Talking Vick, Watkins, Cox and More with Philly.com Eagles Writer Sheil Kapadia
The worst part about June is that we're still three months away from the start of the NFL regular season. The best part is that we can endlessly speculate about the prospects of each team, each unit and each player.
It's particularly fun speculating in regard to the Philadelphia Eagles, who are the most talented team in the history of professional sports* but have yet to deliver on high expectations.
Now, I've speculated over and over again about the Eagles, so it's time to bring in another, much smarter man for his opinion. And thus, I'd like to introduce you to Philly.com Eagles blogger Sheil Kapadia, whose Moving the Chains blog is one of my favorites to read each morning.
* Slight exaggeration, maybe.
Bleacher Report: We seem to agree that Michael Vick won't be making any dramatic changes to his style at this point in his career. It was suggested recently by Bob Ford of the Inquirer that the Eagles let Vick do his thing rather than keep trying to turn him into more of a pocket passer. From a stylistic approach, which Vick do you think is more beneficial to the Eagles, the 2010 version or the 2011 version? Considering that he was hit nearly as often yet seemingly less dangerous as a running threat last season, I think I'd prefer to gamble with the 2010 edition.
Sheil Kapadia: I'm not sure that I'd agree that the 2010 version was more of a threat as a runner. Vick was excellent as a runner last year, averaging 7.8 yards per carry—better than his career average of 7.2.
To me, the main difference, as many have pointed out, were the turnovers. Vick was intercepted just once every 62 attempts in 2010. That number moved to once every 30.2 attempts last season.
Vick also was not as good as he needs to be in the fourth quarter. The Eagles blew five games in which they led entering the fourth. While the defense played poorly down the stretch of games, the offense only managed three points in the final 15 minutes of those five games. Vick led zero fourth-quarter comebacks/game-winning drives. In 2010, he led four fourth-quarter comebacks.
B/R: I'm concerned about the left tackle position. Demetress Bell played nearly as well as Jason Peters did in limited action last year, but he has lacked consistency and has trouble staying healthy. I wouldn't be surprised to see King Dunlap get some reps this season, too. Either way, I think Philly is downgrading. I keep hearing that the offensive line is in good shape, but a line protecting Vick has to be better than average, and there's really no telling what they're going to get from Bell, Dunlap, Jason Kelce and Danny Watkins. Your thoughts?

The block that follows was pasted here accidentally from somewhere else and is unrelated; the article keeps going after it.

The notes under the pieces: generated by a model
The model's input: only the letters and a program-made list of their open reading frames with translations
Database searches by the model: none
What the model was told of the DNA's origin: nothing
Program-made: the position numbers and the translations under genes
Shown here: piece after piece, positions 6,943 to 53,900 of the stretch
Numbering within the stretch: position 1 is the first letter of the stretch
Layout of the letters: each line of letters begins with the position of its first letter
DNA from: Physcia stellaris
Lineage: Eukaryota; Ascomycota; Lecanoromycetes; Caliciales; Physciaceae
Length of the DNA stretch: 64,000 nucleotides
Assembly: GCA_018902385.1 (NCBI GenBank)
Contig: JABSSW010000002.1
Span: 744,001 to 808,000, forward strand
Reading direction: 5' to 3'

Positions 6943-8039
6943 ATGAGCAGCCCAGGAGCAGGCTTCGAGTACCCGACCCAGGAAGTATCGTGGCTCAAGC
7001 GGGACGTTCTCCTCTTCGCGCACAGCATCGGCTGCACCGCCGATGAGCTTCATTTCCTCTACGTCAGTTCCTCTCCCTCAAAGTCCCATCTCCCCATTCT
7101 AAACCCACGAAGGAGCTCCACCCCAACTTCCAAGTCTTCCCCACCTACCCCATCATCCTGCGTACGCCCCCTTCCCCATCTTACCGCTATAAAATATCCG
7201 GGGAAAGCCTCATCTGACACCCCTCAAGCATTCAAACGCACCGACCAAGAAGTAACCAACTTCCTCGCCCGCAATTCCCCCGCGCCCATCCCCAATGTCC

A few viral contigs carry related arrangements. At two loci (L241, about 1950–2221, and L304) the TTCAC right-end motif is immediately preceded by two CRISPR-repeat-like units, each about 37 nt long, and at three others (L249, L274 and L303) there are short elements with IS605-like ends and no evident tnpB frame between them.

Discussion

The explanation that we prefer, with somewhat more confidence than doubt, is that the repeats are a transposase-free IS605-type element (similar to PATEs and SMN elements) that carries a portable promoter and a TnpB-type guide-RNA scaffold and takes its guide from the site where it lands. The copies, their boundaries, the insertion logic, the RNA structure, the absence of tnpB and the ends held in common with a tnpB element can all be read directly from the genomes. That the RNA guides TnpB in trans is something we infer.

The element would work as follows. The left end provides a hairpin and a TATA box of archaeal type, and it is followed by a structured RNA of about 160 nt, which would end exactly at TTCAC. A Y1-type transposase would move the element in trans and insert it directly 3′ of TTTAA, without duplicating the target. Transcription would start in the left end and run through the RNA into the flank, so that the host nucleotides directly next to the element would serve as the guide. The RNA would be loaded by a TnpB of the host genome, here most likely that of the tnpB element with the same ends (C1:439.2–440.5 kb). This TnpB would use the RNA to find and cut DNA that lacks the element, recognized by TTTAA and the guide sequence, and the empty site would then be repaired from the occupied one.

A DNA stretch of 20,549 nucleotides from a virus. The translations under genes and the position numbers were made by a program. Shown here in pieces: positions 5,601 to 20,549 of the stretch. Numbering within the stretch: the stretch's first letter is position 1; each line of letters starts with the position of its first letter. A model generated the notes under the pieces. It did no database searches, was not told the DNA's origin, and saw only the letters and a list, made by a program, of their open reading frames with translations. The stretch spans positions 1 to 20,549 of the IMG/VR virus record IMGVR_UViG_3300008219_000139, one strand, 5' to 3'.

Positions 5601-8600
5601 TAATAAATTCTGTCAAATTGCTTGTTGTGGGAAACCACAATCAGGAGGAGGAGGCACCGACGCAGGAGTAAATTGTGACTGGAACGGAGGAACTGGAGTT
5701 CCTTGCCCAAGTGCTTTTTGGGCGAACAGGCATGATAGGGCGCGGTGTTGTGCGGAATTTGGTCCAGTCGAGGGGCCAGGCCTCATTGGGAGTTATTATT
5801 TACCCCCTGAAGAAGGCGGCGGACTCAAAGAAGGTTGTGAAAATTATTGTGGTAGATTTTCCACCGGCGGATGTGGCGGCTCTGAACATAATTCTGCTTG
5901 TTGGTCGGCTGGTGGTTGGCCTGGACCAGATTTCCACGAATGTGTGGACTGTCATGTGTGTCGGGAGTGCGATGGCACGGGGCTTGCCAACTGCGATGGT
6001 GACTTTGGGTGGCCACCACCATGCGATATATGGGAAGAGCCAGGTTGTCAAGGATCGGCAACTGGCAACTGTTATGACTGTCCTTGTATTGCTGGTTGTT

SK: I don't think their expectations can be for Bell to match Peters, who was probably the best offensive lineman in the NFL last season. They just need him to be adequate, which I think he can be, based on what I've read about him in Buffalo and what I saw this spring. Dunlap will be the first backup option at tackle, but I don't expect him to push Bell as a starter.
To me, the key to the offensive line might just be Watkins. He's shown flashes as a run-blocker, but he just had too many issues in pass protection last year. Given that he has a first-round pedigree and will be working with Howard Mudd, it's reasonable to expect Watkins to improve, but we still need to see it. As for Kelce, I thought he really improved, and I think he's primed for a good season.
B/R: I'm trying not to read too much into what happened during the final four games last season. Sure, it was encouraging that Philly was finally winning games in fairly impressive fashion, and that run probably saved Juan Castillo's job (and maybe even Andy Reid's?). But we've been fooled time and again in sports by teams that peak late consistently. How important is it that the Eagles start strong this time around, especially in the ultra-competitive NFC East?
SK: Obviously, a strong start is preferred. But I don't think it's more important than any other year. The name of the game seems to be to stay in the mix and finish strong. Last year, they of course did not stay in the mix, so it didn't matter that they won their final four games. The Eagles only play one division game (vs. the Giants) in the first nine games, so they'll actually be able to make up some ground down the stretch.
Who will have a better pass rush next season?
B/R: I think either the Eagles or the Giants will have the best pass rush in the league this year. Ultimately, I like Philly's wide-nine and the depth it possesses up front, but I think New York has more top-end pass-rushing talent. Which pass-rush do you think will put up bigger numbers in 2012?
SK: That's a tough one, but I'd agree with your assessment. They certainly are two of the best in the league. I think JPP is the best defensive player overall among the two teams, but I think the Eagles will end up with better pass-rushing numbers. They tied for the league-lead with 50 sacks last season and now have a full offseason with Jim Washburn. Plus, first-round pick Fletcher Cox could instantly become their best interior pass-rusher.
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